How Does Property Division Work During A Florida Divorce?
Concerns over property division are one of the questions that divorce attorneys are most frequently asked. Florida is an equitable distribution state, which means that the court divides assets in a way that is equitable to both parties. This does not necessarily mean the split will be 50/50. The split is supposed to allow both parties to move forward in a manner that allows them to maintain their standard of living. While in most cases, this will mean a 50/50 split, there are situations where it will not. In this article, we’ll discuss how equitable distribution works in your Florida divorce.
The first concept you need to be aware of is what is defined as marital property. Marital property begins when a couple is married and continues to accrue value until your divorce petition is filed. Any and all real property, personal property assets, or retirement accounts acquired during the marriage are considered marital property. This includes accrued property value in the form of assets.
How does accrued property value work?
Let’s say one spouse operates a business. They began this business before the marriage began. Prior to the marriage, the business was valued at $250,000. During the marriage, the business accrued $750,000. The business is now worth a cool million. How does that work when it comes to equitable distribution?
The $750,000 in accrued value is considered marital property, while the original $250,000 would still belong to the spouse who started the business and is considered that spouse’s pre-marital property.
The same holds true for other types of property as well, including valuable collectibles and retirement accounts. In calculating the marital portion, there would be a set-off for the amount of pre-marital property.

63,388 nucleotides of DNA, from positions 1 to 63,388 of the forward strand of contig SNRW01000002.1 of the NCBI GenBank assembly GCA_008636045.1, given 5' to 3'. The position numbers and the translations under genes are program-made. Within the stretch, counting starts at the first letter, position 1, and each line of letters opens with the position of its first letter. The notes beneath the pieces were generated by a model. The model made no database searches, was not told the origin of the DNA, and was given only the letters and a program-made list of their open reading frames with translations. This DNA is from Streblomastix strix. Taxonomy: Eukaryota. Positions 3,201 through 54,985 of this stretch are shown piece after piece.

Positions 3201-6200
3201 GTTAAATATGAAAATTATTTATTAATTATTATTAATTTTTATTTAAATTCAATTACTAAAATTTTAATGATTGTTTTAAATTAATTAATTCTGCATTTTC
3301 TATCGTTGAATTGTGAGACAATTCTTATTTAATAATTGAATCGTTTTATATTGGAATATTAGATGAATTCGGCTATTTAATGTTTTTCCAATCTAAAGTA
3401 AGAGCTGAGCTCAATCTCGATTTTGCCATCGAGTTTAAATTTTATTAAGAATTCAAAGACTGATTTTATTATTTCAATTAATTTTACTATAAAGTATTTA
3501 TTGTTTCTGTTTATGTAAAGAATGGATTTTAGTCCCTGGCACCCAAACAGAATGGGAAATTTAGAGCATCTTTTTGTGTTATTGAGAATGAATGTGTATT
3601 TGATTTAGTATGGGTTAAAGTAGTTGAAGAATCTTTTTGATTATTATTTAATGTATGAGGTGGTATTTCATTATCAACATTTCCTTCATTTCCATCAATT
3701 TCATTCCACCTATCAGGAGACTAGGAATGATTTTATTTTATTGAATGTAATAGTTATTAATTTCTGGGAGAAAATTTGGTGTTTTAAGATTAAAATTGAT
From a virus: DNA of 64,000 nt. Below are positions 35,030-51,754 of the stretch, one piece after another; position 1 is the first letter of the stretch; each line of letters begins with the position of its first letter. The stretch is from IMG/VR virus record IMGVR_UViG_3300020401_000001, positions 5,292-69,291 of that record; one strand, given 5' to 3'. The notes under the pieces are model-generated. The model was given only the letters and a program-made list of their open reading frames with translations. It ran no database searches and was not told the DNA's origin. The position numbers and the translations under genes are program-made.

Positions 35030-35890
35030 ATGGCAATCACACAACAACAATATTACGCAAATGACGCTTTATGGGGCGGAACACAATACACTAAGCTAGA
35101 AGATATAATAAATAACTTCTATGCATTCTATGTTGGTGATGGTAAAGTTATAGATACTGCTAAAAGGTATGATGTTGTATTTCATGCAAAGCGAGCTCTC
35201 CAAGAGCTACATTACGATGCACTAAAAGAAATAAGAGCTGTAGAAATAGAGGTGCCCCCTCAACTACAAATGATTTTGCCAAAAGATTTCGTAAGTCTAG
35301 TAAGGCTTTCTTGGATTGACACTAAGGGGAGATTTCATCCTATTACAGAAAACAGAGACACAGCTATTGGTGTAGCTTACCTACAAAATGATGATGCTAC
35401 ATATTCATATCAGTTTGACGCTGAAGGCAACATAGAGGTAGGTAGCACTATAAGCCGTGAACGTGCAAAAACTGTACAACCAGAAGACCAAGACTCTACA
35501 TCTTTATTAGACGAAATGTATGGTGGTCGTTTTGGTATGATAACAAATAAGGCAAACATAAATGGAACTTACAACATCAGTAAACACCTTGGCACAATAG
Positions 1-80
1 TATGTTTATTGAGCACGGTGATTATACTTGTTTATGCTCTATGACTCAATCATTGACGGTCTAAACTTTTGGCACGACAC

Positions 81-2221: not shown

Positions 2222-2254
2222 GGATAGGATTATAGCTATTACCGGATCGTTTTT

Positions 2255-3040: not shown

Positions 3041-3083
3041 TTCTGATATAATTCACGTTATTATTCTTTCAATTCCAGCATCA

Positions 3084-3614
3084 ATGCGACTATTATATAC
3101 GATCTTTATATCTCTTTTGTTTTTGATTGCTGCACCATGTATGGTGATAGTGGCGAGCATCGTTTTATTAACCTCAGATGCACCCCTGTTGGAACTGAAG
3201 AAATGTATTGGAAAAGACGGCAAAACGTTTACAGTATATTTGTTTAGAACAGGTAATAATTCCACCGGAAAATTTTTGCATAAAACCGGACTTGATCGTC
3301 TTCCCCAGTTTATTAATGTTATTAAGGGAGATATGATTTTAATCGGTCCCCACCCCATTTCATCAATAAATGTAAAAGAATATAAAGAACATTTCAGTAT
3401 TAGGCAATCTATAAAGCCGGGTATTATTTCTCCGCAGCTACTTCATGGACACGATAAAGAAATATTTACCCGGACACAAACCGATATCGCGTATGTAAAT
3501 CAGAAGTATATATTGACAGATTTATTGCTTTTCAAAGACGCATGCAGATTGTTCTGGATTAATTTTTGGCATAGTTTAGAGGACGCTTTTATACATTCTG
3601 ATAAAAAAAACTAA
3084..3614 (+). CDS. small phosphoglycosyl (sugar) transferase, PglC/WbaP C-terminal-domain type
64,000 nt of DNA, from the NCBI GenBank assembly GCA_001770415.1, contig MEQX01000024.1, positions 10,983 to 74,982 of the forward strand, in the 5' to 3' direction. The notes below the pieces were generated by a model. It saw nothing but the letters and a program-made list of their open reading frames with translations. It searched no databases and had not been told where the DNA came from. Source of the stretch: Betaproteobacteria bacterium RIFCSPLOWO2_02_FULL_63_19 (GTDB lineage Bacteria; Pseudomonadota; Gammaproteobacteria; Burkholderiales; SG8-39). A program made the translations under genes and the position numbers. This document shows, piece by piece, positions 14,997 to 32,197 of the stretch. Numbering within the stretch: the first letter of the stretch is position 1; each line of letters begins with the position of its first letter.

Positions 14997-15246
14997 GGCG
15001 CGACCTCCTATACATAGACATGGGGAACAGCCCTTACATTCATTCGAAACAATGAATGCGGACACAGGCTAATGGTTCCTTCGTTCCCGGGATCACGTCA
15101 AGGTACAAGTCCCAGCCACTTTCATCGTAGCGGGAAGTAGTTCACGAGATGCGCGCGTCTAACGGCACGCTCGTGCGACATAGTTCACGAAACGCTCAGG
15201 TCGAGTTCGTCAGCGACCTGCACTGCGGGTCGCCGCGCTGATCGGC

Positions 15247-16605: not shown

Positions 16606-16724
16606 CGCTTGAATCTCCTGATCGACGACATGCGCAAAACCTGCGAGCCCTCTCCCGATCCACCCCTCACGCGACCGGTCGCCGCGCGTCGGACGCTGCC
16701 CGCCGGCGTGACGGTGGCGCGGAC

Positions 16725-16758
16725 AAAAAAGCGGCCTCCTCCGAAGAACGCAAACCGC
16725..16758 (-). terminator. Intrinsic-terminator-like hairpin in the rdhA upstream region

I don’t want to divide my business
Fair enough, but this is where the tradeoffs come into play. In order to retain the entire value of the business, the spouse with the pre-marital business would need to either buy out the other spouse through an equitable distribution payment or would need to exchange another marital asset of approximately the same value. These are all part of the negotiation process when settling a divorce. Through mediation, both parties have the opportunity to negotiate and do things a Judge can not do under the law if the case were to go to trial.
How do you determine the value of a business?
Most people don’t really the value of their business. That’s okay. Divorce lawyers work alongside property appraisers and business valuation experts who will evaluate the business to determine what it was worth before and after the marriage.
Your attorney will guide you along during the process, listen to your individual needs, and propose a strategy that meets your needs. Ultimately, such problems are very common in Florida, and experienced family law attorneys deal with these matters every day.
One way to avoid this type of situation is to use a prenuptial agreement. A prenuptial agreement can protect certain property from equitable distribution under Florida law. These agreements are almost always enforceable unless they were entered into under fraud or coercion. Most couples don’t think about that until it’s too late.
Talk to a Lakeland, FL Divorce Lawyer Today
Darla K. Snead, P.L., Attorney at Law in Lakeland, Florida, helps clients manage all types of property distribution in divorce. Call a Lakeland family lawyer at our office today to schedule an appointment and we can begin discussing your concerns immediately.